The Wash SPA
This site is located on the east coast of England and is the largest estuarine system in the UK. It is fed by the rivers Witham, Welland, Nene and Great Ouse that drain from much of the east Midlands of England. The intertidal flats here are full of small worms, along with beds of glasswort which act as a food source for a large numbers of waterbirds. This is also a breeding ground for shellfish including mussels, cockles and shrimps. These provide food for oystercatchers. Large numbers of geese, ducks and waders live here, both in spring and autumn. Over half of the total population of Canada/Greenland breeding knots live here.
MPA TypeSpecial Protection Area
Special Protection Areas (SPAs) are strictly protected sites designated uner European legislation. They are established to protect rare and vulnerable birds and for regularly occurring migratory species.
Designation date1 March 1988
Surface Area620.55 km2 (239.60 mi.2)
Perimeter122.63 km (76.20 mi.)
Coordinates (central point)52° 56' 18" North, 0° 17' 18" East
Ruddy turnstone (Arenaria interpres)
A small shore bird whose name refers to its habit of creeping and fluttering over rocks, picking out food from under stones.
Sanderling (Calidris alba)
A a small, plump, energetic wading bird.
Little tern (Sterna albifrons)
This bird is one of the smallest of its species. Breeding colonies are located on beaches nearby shallow, sheltered waters which offer good foraging for small fish and invertebrates.
Eurasian wigeon (Anas penelope)
Sites in the UK are an important wintering ground for these small ducks.
Bar-tailed godwit (Limosa lapponica)
A long-billed, long-legged wading bird that visits the UK in the winter.
Important areas where a number of waterfowl species occur in significant numbers.
Common tern (Sterna hirundo)
A silvery-grey and white bird sometimes called a ‘sea swallow’ because of it’s long tail.
Common redshank (Tringa totanus)
As this bird’s name suggests, its’ most distinctive features are its’ bright orange-red legs.
Pink-footed goose (Anser brachyrhynchus)
A medium-sized goose that winters in the UK. Numbers are increasing in England, probably because of better protection at winter roosts.
Red knot (Calidris canutus)
A dumpy, short-legged, stocky wading bird that depends on the rich source of worms and shellfish in estuaries. Large numbers come to the UK in the winter.
Eurasian oystercatcher (Haematopus ostralegus)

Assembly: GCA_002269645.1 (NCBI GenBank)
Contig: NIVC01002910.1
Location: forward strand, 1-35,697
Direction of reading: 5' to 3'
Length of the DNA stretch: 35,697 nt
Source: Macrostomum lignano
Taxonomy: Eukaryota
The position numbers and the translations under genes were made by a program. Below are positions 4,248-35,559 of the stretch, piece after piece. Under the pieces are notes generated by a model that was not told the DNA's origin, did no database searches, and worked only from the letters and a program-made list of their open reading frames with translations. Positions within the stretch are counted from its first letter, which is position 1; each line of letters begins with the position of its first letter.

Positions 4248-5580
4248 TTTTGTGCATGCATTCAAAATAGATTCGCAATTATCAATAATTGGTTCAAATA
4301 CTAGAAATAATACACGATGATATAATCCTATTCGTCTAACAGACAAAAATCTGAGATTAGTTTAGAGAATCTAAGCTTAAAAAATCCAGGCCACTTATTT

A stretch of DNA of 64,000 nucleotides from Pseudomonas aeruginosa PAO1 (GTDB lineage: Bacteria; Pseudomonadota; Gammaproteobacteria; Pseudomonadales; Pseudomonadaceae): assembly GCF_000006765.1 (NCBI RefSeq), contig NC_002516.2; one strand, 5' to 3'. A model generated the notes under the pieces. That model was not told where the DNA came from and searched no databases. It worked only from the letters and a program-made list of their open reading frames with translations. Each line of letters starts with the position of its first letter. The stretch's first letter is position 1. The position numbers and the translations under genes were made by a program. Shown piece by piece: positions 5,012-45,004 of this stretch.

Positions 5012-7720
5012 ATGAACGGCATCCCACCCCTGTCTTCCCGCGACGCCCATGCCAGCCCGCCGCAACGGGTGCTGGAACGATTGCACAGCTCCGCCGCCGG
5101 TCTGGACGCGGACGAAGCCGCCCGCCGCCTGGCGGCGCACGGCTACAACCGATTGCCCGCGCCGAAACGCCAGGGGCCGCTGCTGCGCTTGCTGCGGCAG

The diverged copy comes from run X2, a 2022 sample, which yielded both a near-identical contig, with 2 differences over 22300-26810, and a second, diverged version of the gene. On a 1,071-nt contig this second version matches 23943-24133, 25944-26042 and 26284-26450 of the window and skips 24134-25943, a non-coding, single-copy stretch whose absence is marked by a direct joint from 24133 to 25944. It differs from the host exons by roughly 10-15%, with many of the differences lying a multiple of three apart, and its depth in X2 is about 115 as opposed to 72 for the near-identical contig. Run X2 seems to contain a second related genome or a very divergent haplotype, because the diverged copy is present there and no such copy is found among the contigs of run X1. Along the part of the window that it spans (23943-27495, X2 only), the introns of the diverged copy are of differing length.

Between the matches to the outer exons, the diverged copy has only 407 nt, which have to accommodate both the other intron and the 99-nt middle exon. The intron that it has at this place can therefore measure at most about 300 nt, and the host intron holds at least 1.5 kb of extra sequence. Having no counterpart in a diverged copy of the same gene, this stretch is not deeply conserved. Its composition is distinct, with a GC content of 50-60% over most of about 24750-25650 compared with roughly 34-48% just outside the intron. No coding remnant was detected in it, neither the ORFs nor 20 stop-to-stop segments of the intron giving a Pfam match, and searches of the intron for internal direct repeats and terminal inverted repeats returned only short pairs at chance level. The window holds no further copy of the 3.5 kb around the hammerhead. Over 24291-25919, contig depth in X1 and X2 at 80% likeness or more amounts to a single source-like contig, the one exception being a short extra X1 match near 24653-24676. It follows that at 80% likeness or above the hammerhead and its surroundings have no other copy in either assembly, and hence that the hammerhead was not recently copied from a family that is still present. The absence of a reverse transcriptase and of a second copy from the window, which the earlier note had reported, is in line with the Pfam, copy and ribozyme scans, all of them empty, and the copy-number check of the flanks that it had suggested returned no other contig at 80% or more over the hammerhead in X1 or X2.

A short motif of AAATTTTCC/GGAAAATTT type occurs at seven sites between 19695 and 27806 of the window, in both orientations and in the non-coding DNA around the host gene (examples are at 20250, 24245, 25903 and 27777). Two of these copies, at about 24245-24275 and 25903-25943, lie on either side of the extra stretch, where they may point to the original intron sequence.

A familiar, stocky, black and white wading bird that mostly depends on mussels and cockles.
Common goldeneye (Bucephala clangula)
A medium sized diving duck with a distinctive yellow eye.
Dunlin (Calidris alpina alpina)
The commonest small wading bird found around UK shores with a distinctive black belly in the summer.
Black-tailed godwit (Limosa limosa islandica)
A large wading bird with a very distinctive long beak.
Black (common) scoter (Melanitta nigra)
The common scoter is seaduck. The UK breeding population of this small diving seaduck has substantially declined and it is now a Red List species.
Grey plover (Pluvialis squatarola)
A widely distributed shorebird that prefers sandy and muddy estuaries.
Common shelduck (Tadorna tadorna)
This is a big, colourful duck, bigger than a mallard but smaller than a goose.
Eurasian curlew (Numenius arquata)
This widely distributed wading bird with its distinctive long, curved bill is threatened by habitat loss.
Northern pintail (Anas acuta)
This duck is slightly bigger than a mallard and has a very distinctive long tail that tapers to a point.
Dark-bellied brent goose (Branta bernicla bernicla)
A small dark goose which occurs in good numbers at just a few sites in the UK. They are vegetarian and particularly partial to seagrass.
Gadwall (Anas strepera)
A grey dabbling duck a little smaller than the familiar mallard.
Did you know?…
Over 500,000 records of undersea species and habitats have been collected by volunteer Seasearch divers
Over 170 parliamentarians from across the political spectrum signed up to our Marine Charter calling for a network of ‘marine protected areas’ in UK Seas
An area over 9 times the size of Wales is now in marine protected areas in the UK, but less than 1% is considered by MCS scientists to be well managed